Even if what Unilever is actually doing is different, to be heard above the noise is more of a challenge than it used to be. Hamilton agrees that ultimately what will differentiate the plan from the general rhetoric is action. 

“This is a plan and now we need to be judged by the way in which we execute that plan,” says Hamilton. “What we will do is report back in a year’s time on what progress we have made and  we will have that externally audited as well so that then we can start to be judged on our actions. We have been leaders of the Dow Jones Sustainability Index for our sector for the last 12 years so I think that gives us a degree of confidence that we’ve actually been able to deliver execution that’s been publicly recognised.”

Hamilton believes that it is the ambitious nature of the goals – namely halving the environmental impacts of its products by 2020 across the life cycle, sourcing 100% of agricultural raw materials sustainably and helping more than 1bn people to take action to improve their health – which places Unilever in the vanguard on corporate sustainability. “What is different is they are very bold goals and they are backed up by 50 specific time-bound targets which we can really track our progress over the next ten years. And that I think is a leading position.”

A key pledge with regard to Unilever’s food businesses is its undertaking to source 100% of its agricultural raw materials sustainably by 2015. Hamilton points out that the company is not only aiming to address raw materials such as tea where Unilever commands a large percentage of the global market but also aiming for 100% sustainability in areas where the company has a much smaller share of global volume, such as dairy and soya, where Unilever’s global share is 1% or less.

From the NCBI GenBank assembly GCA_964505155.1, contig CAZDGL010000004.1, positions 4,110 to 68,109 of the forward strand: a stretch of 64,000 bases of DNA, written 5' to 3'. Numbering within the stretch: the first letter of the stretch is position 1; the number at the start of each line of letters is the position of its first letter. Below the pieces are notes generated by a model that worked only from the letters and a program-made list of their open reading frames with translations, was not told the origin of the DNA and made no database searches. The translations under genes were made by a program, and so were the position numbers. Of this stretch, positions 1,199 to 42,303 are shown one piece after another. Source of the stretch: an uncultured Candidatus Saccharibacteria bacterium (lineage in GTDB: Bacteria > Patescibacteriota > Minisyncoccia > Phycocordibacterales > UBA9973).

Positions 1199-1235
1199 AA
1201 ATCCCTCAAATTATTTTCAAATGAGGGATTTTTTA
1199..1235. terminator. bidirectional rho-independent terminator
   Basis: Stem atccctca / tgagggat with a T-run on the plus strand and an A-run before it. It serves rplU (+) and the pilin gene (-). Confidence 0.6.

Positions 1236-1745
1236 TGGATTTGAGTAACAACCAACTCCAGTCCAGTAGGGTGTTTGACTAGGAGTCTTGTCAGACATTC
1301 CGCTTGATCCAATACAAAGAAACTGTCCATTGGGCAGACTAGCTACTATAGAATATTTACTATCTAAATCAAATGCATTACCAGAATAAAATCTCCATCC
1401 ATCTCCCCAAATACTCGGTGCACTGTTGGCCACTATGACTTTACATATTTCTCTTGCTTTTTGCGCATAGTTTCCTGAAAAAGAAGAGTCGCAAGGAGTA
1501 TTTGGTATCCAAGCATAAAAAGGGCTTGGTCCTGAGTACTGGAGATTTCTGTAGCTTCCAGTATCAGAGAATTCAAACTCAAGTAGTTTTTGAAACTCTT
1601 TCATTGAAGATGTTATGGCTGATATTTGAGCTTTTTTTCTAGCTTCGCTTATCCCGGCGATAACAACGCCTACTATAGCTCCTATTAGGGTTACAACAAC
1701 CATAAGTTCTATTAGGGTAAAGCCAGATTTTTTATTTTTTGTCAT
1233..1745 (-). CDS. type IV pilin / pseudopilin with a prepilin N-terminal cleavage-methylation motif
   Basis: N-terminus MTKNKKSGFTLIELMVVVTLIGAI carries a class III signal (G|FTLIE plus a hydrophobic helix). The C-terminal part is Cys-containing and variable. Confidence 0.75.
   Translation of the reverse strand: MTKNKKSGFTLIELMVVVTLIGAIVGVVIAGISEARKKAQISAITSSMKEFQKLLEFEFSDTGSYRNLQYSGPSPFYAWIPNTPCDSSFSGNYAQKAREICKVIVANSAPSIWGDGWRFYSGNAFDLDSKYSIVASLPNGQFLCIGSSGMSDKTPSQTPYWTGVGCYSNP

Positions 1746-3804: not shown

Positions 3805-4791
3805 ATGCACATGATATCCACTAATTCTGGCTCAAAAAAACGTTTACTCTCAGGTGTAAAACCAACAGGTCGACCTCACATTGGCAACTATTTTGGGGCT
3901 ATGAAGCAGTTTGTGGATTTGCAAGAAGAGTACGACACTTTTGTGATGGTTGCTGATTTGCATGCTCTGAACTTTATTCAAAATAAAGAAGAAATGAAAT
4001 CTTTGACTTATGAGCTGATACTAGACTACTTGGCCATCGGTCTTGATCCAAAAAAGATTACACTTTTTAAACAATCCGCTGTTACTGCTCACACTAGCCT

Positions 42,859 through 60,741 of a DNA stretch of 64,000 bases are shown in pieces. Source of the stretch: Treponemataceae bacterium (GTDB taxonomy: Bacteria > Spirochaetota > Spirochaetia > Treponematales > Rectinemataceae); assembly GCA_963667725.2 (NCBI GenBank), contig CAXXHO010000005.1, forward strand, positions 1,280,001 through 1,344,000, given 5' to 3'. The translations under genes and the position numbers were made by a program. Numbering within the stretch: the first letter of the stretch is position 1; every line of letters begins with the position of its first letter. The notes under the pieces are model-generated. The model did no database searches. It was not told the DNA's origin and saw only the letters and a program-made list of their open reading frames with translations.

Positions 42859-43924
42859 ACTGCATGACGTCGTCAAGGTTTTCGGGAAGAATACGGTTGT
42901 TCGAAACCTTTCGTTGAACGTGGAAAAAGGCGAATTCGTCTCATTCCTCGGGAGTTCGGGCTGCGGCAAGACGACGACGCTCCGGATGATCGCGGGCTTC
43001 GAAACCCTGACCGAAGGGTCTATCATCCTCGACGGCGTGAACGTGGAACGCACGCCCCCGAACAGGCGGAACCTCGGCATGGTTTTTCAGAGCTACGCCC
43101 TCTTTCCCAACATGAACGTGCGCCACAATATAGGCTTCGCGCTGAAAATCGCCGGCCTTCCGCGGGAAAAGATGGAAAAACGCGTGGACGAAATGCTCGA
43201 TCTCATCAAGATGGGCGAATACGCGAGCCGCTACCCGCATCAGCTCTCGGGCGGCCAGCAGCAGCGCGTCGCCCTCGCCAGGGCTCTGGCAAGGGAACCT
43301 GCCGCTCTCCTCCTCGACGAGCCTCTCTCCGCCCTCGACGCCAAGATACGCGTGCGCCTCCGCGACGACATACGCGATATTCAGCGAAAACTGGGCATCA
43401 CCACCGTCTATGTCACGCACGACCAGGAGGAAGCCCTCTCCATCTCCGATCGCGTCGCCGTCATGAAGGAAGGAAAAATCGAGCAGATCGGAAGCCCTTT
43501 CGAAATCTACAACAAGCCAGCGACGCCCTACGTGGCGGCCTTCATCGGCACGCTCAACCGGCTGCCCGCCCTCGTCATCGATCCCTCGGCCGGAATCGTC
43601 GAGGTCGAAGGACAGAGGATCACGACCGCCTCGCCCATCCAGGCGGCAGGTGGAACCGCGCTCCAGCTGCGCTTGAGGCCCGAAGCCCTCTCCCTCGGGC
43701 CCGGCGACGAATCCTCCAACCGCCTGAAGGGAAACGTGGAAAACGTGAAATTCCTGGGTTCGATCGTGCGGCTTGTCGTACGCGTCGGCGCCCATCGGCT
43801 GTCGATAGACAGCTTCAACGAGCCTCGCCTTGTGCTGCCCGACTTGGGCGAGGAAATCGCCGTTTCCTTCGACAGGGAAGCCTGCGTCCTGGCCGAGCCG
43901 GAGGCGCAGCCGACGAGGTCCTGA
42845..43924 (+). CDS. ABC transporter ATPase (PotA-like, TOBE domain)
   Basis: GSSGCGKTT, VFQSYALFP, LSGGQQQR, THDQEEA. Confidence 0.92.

Another significant – possibly even greater – point of difference between what Polman was saying last week and the pronouncements of other companies on sustainability was the forthright views he expressed towards short-term thinking in the investment community. 

Aside from a few individuals and the Socially Responsible Investment (SRI) market, the financial community has been slow to recognise the importance of the sustainability challenge and the work companies are doing in this area. Campaigners suggest that as long as the behaviour of companies is conditioned by such short-term thinking among investors the drive for a more sustainable global market will be compromised. 

Polman is one of the few heavyweight CEOs to have grasped this nettle in such a public way. “We certainly don’t want to attract the investor base that wants higher and higher and quicker results against targets that we put out every 90 days,” he said. Indeed, Unilever has stopped issuing such guidance.

One of the ways companies have sold sustainability initiatives to the investment community has been to stress the competitive advantage they can offer. However, while Unilever like any company makes reference to the cost savings and efficiencies that can be created by making the business more sustainable, Polman said last week: “I’m not interested whether [the plan] brings competitive advantage. This is about long-term value creation. It’s the only way to do business long term.”

Hamilton preferred not to comment directly on Unilever’s relationship with the investment community, suggesting that the debate listed companies have with investment analysts on sustainability issues remains a delicate one. But, for many, Polman’s warning-off of investors only looking to the short term will be extremely refreshing.